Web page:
Start a graphical application from kernel module?

My current problem is that: on my Acer Nitro laptop keyboard, there is a Nitro key – which is a special key that no other laptop brand has. You see in the image below that there is a weird N key next to the backspace key – that’s the Nitro key.


I want to develop an GUI application such that whenever the Nitro button is pressed, my application shows up. I am using Ubuntu 22.04.

From what I have found, I think I would have to write a LKM to capture the Nitro key press event and start the application from there. I am following the answer here ( to capture the key press event.

I wonder if it is okay to start a GTK application within the LKM – in other words, putting the sample code here ( in my kernel module code. Also, I wonder if I am on the right track to achieve my goal.

Thanks in advance!

[UPD] Clarification on what I want: Acer Nitro laptops usually have an app called Nitrosense that provides a GUI to change the keyboard color and fan speed. The Nitro key when pressed shows users the GUI. However, Nitrosense app is only for Windows – I want to write the same thing for Ubuntu. So far I found various repos on changing the keyboard color and fan speed, but there is no repo for an app that opens when I press the Nitro key, so I want to build such thing. I’m using GNOME 42 on Ubuntu 22.04. What I want is whenever the user (already logged in) presses Nitro key, a GUI automatically shows for me to do stuffs.

[UPD2] I also found this repo which seems trying to do the same thing as my concern on another Acer brand. I think it might be helpful, will see.

[UPD3] Here is the event I found when I used evtest nitro key evtest event

However, when I tried xev, there was nothing printed, which makes me think that the X Server doesn’t recognize the Nitro key press event. I guess I should look for documentation to write a module to send the Nitro key event to X Server?

I tried to go to Keyboard settings in GNOME Control Center to try to add a keyboard shortcut, but it also didn’t recognize the Nitro key – maybe because GNOME is running on X Server and X Server doesn’t recognize the Nitro key event?

I also looked at the repo I mentioned in UPD2, so what the author did is also polling via continuously grep the log from evtest to see if the key is pressed – check out this shell command

What I think I can also do is to write a simple systemd service to poll the keyboard device file and check if the Nitro is pressed. However, one mentions that this might waste quite a lot of resources. Any suggestion about this?

Asked By: Thang Bui


I want to develop an GUI application such that whenever the Nitro button is pressed, my application shows up.

So you need to expose the Nitro button for example as a kernel input layer event. Then some userspace application can act on it and start your UI application.

Remember that Linux is multiuser, the system is designed for a situation where you have a single machine and dozens of people using a GUI with different accounts. So you can’t just "start an application", you need to find the right user. But the kernel is user agnostic.

That means something for this particular user has to act on it. The simplest place to put this is the Window Manager configuration for that particular user (which would be you, I assume).

I wonder if it is okay to start a GTK application within the LKM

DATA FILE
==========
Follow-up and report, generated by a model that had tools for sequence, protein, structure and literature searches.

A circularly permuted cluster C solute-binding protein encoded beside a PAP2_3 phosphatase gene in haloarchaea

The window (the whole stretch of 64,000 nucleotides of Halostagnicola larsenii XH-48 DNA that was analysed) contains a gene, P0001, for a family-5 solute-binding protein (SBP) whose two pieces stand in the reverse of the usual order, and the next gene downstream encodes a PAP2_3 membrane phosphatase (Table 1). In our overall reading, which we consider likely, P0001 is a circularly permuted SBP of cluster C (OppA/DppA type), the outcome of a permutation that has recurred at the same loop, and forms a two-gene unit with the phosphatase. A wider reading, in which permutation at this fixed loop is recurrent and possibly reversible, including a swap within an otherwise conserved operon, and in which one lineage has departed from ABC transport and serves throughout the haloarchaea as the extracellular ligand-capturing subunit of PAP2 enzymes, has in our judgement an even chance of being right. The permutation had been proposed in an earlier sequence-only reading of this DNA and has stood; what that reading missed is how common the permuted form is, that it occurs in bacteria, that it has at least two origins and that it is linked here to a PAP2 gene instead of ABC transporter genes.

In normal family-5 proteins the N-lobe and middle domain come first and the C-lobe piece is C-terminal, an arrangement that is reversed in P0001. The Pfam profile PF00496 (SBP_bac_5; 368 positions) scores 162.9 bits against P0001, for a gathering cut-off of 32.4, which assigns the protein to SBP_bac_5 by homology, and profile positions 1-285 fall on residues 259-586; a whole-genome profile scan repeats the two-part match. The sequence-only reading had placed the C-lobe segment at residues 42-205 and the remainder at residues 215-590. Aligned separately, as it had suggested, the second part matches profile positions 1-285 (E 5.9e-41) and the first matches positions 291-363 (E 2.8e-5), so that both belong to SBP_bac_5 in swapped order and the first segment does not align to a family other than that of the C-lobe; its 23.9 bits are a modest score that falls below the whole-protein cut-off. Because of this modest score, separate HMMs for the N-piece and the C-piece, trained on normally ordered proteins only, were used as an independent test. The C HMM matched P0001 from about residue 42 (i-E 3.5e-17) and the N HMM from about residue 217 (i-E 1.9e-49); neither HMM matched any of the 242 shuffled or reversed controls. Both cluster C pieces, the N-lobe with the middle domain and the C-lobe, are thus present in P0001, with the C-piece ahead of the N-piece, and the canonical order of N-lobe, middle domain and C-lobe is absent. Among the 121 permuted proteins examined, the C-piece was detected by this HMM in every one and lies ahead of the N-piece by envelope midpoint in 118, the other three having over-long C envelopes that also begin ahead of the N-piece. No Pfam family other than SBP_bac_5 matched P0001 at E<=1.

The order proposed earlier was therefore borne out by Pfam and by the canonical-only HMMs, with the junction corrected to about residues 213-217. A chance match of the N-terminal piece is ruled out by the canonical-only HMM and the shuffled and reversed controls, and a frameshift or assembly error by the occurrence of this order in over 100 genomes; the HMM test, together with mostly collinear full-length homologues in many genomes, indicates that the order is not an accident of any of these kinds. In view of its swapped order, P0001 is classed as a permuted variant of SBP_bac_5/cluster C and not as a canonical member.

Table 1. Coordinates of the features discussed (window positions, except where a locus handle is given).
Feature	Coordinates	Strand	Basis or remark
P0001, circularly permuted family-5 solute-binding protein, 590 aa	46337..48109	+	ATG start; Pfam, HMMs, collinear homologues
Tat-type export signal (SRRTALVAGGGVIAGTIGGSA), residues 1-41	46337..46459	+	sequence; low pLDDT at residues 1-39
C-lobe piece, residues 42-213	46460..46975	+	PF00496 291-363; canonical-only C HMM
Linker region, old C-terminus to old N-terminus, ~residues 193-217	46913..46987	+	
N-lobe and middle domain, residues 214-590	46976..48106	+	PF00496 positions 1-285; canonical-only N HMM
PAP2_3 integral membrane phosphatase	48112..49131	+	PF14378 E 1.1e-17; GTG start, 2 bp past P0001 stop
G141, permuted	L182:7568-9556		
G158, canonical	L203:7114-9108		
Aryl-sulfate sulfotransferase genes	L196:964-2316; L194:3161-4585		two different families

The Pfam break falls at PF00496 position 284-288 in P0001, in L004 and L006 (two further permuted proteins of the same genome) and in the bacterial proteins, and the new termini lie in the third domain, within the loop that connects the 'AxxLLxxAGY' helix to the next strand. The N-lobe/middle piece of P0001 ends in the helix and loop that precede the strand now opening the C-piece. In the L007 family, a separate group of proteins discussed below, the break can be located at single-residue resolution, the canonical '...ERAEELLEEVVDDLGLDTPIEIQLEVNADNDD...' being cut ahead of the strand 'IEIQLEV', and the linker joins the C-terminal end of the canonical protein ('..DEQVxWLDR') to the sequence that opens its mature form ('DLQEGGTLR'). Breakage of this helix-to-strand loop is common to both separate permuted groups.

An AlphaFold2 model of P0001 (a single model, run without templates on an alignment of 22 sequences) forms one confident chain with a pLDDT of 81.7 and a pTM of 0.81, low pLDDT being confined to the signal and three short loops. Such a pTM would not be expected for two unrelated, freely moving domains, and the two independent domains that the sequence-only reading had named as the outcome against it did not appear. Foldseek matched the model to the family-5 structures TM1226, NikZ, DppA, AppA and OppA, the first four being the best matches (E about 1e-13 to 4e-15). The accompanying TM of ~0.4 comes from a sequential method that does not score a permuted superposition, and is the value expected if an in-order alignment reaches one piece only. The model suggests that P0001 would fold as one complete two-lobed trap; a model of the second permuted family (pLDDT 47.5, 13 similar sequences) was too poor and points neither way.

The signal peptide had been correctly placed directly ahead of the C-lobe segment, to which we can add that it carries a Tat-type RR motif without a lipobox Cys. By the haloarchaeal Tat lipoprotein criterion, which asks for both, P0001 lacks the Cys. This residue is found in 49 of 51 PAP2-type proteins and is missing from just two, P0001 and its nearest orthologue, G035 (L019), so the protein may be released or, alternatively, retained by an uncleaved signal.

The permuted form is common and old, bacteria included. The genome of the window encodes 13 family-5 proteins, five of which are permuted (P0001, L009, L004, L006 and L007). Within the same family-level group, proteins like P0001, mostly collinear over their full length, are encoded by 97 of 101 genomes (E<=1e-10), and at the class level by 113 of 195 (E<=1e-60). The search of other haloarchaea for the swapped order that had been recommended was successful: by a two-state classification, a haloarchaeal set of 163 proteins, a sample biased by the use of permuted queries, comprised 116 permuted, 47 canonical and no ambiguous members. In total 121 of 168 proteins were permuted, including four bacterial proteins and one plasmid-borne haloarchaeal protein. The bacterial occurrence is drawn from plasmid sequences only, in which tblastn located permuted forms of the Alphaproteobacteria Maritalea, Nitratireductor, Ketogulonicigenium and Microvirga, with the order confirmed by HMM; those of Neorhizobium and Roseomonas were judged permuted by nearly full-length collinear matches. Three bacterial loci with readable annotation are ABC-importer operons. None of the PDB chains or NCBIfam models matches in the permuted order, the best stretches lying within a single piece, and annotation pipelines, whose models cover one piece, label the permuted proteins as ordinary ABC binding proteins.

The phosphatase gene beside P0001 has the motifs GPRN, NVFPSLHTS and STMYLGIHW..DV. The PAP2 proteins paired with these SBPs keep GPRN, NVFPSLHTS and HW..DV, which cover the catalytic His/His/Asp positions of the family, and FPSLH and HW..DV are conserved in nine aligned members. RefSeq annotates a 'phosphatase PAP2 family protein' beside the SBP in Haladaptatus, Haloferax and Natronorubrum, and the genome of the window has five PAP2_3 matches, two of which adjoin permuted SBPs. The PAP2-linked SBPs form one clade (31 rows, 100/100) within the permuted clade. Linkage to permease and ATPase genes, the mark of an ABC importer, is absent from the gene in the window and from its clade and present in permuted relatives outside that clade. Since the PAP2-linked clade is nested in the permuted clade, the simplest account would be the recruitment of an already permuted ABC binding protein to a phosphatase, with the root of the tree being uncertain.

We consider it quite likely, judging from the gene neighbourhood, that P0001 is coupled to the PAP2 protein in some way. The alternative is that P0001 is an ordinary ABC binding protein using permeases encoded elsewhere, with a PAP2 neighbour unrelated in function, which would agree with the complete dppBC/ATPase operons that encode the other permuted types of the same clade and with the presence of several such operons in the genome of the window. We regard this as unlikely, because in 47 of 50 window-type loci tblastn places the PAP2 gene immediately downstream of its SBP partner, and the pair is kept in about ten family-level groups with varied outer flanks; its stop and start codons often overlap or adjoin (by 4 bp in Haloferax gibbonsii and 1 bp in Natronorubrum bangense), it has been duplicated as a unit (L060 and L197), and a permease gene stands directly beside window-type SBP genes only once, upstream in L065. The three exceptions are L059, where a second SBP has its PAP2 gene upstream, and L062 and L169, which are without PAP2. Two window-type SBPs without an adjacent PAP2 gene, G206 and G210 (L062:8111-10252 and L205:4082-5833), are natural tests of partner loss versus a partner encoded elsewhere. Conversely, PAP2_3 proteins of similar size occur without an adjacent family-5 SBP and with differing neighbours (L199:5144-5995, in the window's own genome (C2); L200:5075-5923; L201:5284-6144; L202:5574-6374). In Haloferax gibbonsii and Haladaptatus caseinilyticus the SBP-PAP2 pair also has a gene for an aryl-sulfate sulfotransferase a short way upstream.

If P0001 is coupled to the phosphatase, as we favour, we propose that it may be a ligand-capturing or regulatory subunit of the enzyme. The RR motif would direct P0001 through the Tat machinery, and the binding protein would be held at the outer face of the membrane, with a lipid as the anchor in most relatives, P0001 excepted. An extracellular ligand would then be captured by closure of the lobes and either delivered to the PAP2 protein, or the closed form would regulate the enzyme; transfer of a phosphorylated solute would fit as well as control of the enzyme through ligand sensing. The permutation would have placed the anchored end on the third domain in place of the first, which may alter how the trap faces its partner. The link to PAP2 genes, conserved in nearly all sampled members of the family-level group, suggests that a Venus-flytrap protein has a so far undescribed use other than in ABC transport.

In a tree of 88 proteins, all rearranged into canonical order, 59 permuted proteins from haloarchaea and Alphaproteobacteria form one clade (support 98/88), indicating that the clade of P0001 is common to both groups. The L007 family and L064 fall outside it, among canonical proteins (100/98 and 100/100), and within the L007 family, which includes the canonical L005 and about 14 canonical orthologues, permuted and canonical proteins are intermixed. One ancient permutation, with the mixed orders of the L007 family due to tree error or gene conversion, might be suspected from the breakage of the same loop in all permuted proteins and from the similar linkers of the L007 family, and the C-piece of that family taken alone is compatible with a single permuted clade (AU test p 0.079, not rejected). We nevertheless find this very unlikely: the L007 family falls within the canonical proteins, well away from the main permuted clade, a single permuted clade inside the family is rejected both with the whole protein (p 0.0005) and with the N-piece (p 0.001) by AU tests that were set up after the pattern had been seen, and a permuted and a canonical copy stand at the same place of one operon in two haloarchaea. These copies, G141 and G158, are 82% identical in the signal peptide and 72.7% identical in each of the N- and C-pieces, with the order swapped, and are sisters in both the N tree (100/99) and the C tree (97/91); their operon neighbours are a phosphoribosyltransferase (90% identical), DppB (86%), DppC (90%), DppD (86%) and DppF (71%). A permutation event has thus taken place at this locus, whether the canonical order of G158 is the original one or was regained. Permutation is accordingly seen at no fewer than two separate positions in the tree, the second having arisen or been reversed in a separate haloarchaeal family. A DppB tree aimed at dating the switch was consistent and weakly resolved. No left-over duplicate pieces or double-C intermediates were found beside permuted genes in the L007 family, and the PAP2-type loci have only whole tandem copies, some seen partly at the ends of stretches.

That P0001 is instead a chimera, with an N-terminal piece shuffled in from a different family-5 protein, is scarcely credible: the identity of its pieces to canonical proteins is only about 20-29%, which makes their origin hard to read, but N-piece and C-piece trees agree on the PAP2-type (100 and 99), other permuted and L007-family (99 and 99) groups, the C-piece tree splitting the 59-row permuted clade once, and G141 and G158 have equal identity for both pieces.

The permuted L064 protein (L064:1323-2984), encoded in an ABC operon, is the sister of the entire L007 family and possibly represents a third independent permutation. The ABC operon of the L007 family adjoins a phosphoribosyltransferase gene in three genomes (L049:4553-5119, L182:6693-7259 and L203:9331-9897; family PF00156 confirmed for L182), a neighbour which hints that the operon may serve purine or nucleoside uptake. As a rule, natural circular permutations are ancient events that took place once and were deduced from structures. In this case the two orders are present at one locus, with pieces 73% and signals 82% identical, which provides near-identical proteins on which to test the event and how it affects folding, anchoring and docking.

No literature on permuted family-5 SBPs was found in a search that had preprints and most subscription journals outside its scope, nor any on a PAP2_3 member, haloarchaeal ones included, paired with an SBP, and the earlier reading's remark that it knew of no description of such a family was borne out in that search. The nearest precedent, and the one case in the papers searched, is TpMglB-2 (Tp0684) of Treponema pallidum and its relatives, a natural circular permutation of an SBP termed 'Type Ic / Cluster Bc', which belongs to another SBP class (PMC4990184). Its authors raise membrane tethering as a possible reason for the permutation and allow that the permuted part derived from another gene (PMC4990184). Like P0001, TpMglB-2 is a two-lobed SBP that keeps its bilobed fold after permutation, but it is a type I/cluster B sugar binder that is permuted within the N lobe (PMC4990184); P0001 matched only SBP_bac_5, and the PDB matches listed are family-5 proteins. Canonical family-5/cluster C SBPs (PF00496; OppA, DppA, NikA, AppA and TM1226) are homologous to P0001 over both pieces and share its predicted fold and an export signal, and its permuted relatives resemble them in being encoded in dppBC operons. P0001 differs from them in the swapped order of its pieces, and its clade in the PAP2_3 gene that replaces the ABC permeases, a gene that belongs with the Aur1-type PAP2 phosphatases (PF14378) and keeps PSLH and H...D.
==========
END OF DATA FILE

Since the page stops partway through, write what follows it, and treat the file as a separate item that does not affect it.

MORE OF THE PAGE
It’s not ok, and it’s not going to work.


Use evtest to see if the Nitro already produces a keypress event. If it does, you don’t have to write a kernel module. Then use xev to see if it already gets translated into an X event.

If it doesn’t produce a keypress event, the search for the actual event will get interesting…

Finally, find out what window manager your desktop uses, then google documentation for your window manager, and find out how to launch programs for a certain keypress.

(BTW, it’s usually better to just paste text indented by four blanks instead of an image)

So that’s an ordinary key press and release event for code 425 KEY_PRESENTATION.

If you want to make your own keyboard layout that maps this code to an X keysym, I recommend reading An Unreliable Guide to XKB Configuration (2004). Copy an existing layout with a new name and then modify it, that way you won’t lose it when the system packages get updated.

If you want a small user-space program to listen for that key, pick a language with a library for the kernel input layer, e.g. Python. Make sure to use the symlink in /dev/input/by-path/... that corresponds to your keyboard, the /dev/input/eventX numbers are not stable across boots.

Answered By: dirkt

Considering that your system is likely to be already configured for thermal management (via the ACPI thermald daemon or else) I would definitely not try playing with fan speeds in their back.

Regarding the capability to change the color of the keyboard, you are correct writing that this can only be done through some appropriate device driver.
Your keyboard (some HID compatible device almost certainly) should necessarily expose to the kernel some output device (different from the input device associated with the transmit of keyboard keys) that needs to be handled properly if wanting to send whatever order to your keyboard)

You can take inspiration from the Acer Gaming RGB keyboard backlight and Turbo mode Linux kernel module

This should basically aim at exposing controls in the /sys/devices tree.

The way you could act on these controls would be up to you in userland, from boldly echoing to the /sys/devices controls to the conception of whatever gtk widget.
Having this activated using whatever keyboard key (including your special Nitro key) being a simple keyboard mapping problem your DE might be able to handle through basic system settings.

Answered By: MC68020
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